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The Hardy-Weinberg equation is a mathematical equation that can be used to calculate the genetic variation of a population at equilibrium.

## What is the purpose of the Hardy-Weinberg principle?

In population genetics, the Hardy–Weinberg principle, also known as the Hardy–Weinberg equilibrium, model, theorem, or law, states that allele and genotype frequencies in a population will remain constant from generation to generation in the absence of other evolutionary influences.

## Why is the Hardy-Weinberg equilibrium equation important?

Importance: The Hardy-Weinberg model enables us to compare a population’s actual genetic structure over time with the genetic structure we would expect if the population were in Hardy-Weinberg equilibrium (i.e., not evolving).

## What is the purpose of Hardy-Weinberg equilibrium quizlet?

Hardy-Weinberg equilibrium: the condition in which both allele and genotype frequencies in a population remain constant from generation to generation unless specific disturbances occur.

## What does Hardy-Weinberg equation predict for the new P and Q?

Record the genotypes after each generation and calculate the frequencies for p and q as usual. 1. What does the Hardy-Weinberg equation predict for the new p and q? That the frequency of AA alleles is 46% while the frequency of the aa alleles is 54%.

## What happens at Hardy-Weinberg equilibrium?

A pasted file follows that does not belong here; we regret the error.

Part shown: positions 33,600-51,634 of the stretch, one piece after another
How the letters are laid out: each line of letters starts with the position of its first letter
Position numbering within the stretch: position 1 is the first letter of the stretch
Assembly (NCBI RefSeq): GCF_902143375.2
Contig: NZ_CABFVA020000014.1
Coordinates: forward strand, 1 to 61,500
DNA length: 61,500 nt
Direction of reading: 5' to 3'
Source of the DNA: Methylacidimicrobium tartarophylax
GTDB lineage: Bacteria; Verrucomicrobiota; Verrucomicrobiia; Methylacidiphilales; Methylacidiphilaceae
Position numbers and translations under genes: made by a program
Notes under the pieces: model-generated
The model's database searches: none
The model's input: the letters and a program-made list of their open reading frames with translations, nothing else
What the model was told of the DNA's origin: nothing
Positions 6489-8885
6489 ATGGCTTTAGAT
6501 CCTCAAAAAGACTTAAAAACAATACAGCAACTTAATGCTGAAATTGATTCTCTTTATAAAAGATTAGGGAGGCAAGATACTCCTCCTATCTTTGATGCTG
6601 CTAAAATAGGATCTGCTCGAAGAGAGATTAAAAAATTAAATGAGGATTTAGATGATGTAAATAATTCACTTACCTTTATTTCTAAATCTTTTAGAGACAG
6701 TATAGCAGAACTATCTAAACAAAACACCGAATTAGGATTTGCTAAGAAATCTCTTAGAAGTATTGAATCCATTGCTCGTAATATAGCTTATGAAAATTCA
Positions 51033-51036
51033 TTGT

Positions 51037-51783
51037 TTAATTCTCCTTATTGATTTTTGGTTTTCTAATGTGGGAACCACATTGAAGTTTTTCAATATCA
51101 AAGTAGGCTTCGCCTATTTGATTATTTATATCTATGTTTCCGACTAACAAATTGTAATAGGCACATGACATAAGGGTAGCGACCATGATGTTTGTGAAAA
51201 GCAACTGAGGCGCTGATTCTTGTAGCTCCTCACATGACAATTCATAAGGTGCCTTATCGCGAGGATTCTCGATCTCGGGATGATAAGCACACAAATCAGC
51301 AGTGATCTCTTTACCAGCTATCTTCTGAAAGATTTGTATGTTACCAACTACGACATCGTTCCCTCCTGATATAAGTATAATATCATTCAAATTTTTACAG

The Hardy-Weinberg equilibrium is a principle stating that the genetic variation in a population will remain constant from one generation to the next in the absence of disturbing factors. … For instance, mutations disrupt the equilibrium of allele frequencies by introducing new alleles into a population.

## What does the Hardy-Weinberg model show?

The Hardy-Weinberg principle states that a population’s allele and genotype frequencies will remain constant in the absence of evolutionary mechanisms. Ultimately, the Hardy-Weinberg principle models a population without evolution under the following conditions: no mutations. no immigration/emigration.

## What is the Hardy Weinberg equation and what do the different components of the equation refer to?

The Hardy-Weinberg Equation

p = the frequency of the dominant allele in a population. q = the frequency of the recessive allele in a population. 2pq = the frequency of the heterozygous dominant genotype. p2 = the frequency of homozygous dominant genotype.

## Why do population biologists use the Hardy − Weinberg equation quizlet?

Why is the Hardy−Weinberg principle useful when studying population genetics? It explains how alleles and genotypes behave in a nonevolving population, because the Hardy-Weinberg principle gives biologists a baseline to evaluate whether or not evolution is occurring in a population.

## How can the Hardy-Weinberg equation be used to predict the next generation?

To generalize: if the allele frequencies are p and q, then at Hardy-Weinberg Equilibrium you will have (p + q) X (p + q) = p^{2} + 2pq + q^{2} as the distribution of the genotypes. The frequency of AA individual will be p^{2}. The frequency of Aa individuals will be 2pq. The frequency of aa individuals will be q^{2}.